Game team projects start out focused in scope using simple mechanics. Only students in DigiPen’s Europe-Bilbao’s Bachelor of Science in Computer Science in Real-Time Interactive Simulation program craft game projects their freshman year — in GAM 100 and GAM 150, respectively.
“The key factor in both GAM 100 and GAM 150 is to undergo the process of understanding the development and inherent challenges of creating games,” says freshman computer science game project instructor Josu Garay. “Making games is complex. Although best practices ease the path, there isn’t a particular method that works for every game, and problem solving is a fundamental skill students acquire in their first steps. At the beginning, most of the problems lie in the technical skillset as students go about building their knowledge. Later on, the problems have more to do with organization and working with people.”
In their first semester in GAM 100, freshman computer science students learn to make games within the Unity engine, using C# as the scripting language. After a series of assignments covering game basics, physics, programming, animation, and design, students will apply the acquired knowledge to a 10-week game project. Students come together to form three-person teams and choose the genre they are most passionate about to create an original game. Under the mentorship of their instructors, students learn the process and best practices of working in a simulated real-world studio.
In their second semester, during GAM 150, students form four-person teams and collaborate during the entire semester on a single game project, while learning to manipulate APIs to create their games. The project is coded entirely in C++, using a custom-engine skeleton which students will iterate upon to add functionality such as animation, audio, level editors, and more.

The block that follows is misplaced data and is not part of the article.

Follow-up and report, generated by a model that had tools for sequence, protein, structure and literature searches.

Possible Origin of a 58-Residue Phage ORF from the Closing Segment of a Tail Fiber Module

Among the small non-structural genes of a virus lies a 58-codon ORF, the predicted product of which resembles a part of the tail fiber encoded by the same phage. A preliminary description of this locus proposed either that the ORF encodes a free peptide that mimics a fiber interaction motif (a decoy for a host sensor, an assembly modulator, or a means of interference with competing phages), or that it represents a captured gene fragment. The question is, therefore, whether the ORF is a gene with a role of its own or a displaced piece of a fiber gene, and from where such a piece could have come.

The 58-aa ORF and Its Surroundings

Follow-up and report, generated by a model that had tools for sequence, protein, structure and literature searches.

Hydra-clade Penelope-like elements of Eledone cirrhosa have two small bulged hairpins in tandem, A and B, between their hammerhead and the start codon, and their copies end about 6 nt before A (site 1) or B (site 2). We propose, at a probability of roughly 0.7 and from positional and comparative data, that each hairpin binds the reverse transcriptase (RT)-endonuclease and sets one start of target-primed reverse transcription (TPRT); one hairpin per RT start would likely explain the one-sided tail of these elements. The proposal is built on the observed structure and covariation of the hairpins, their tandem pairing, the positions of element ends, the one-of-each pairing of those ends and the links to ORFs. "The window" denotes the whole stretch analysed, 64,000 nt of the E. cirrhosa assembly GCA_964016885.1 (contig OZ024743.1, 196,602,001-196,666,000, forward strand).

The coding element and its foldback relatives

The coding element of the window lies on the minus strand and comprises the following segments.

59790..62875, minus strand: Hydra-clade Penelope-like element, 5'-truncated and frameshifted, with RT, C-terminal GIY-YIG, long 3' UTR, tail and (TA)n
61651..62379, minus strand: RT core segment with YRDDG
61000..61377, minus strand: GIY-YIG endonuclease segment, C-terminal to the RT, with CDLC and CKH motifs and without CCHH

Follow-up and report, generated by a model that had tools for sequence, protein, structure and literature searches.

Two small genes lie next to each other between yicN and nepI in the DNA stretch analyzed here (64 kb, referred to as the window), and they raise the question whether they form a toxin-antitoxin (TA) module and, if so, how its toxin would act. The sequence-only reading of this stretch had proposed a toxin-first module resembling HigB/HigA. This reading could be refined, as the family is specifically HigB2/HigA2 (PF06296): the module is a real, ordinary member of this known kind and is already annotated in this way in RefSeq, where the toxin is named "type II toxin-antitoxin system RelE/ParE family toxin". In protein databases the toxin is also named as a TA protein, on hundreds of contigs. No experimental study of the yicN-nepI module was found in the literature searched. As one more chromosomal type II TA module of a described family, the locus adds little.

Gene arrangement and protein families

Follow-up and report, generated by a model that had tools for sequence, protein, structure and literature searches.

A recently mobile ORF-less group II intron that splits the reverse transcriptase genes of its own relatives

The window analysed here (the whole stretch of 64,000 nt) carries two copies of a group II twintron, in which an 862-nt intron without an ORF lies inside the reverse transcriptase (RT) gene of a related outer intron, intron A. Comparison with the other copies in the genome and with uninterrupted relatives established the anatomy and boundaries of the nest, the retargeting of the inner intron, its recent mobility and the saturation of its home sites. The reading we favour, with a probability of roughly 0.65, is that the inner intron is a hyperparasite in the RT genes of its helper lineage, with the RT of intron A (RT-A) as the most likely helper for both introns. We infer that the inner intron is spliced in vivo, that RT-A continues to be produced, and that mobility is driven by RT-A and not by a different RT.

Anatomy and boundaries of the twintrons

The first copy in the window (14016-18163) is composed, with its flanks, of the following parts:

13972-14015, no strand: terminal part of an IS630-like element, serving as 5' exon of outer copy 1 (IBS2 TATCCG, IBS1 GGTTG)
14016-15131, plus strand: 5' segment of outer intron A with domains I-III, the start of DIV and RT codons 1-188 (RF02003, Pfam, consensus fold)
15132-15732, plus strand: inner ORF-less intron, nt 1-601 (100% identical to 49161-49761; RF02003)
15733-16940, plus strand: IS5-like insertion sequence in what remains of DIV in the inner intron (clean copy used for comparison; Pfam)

We want something students will be proud to show their friends and family, where they’ll say, ‘Wow! You did this?’
Teams begin by pitching their game ideas to the instructors, who help adjust those ideas to a reasonable scope. Then they create a prototype, presenting their first playable version to the class to get helpful early feedback. The alpha playable build is presented next — just enough to show a single level or puzzle — so that teams can begin playtesting and receiving outside feedback. Finally, teams celebrate their completed projects in a show and tell where they debut their finished project with a formal presentation.
“As the entire team is composed of first-year programming students, these projects aren’t graded on the quality of their art or other disciplines, although students are required to adapt the design to the skills of the team,” Garay says. “A team who has either a member or external volunteer who wants to do the art for their project can make a game which requires some art. However, we encourage students to work within the limitation of not having high-quality graphics assets, fostering the development of innovative ideas and really fun games.”
Still, there are important lessons from the first-year projects that are bigger than the game itself.
“Besides working on games, students also learn to work in teams and interact with mentors in an organized environment,” Garay says. “When students first come to DigiPen, the longest team project most of them have worked on only lasted for a couple of weeks on and off. Here they need to work between three and four months, every week working towards a common product, which also provides them the management and organizational skillsets necessary to tackle the following game projects.”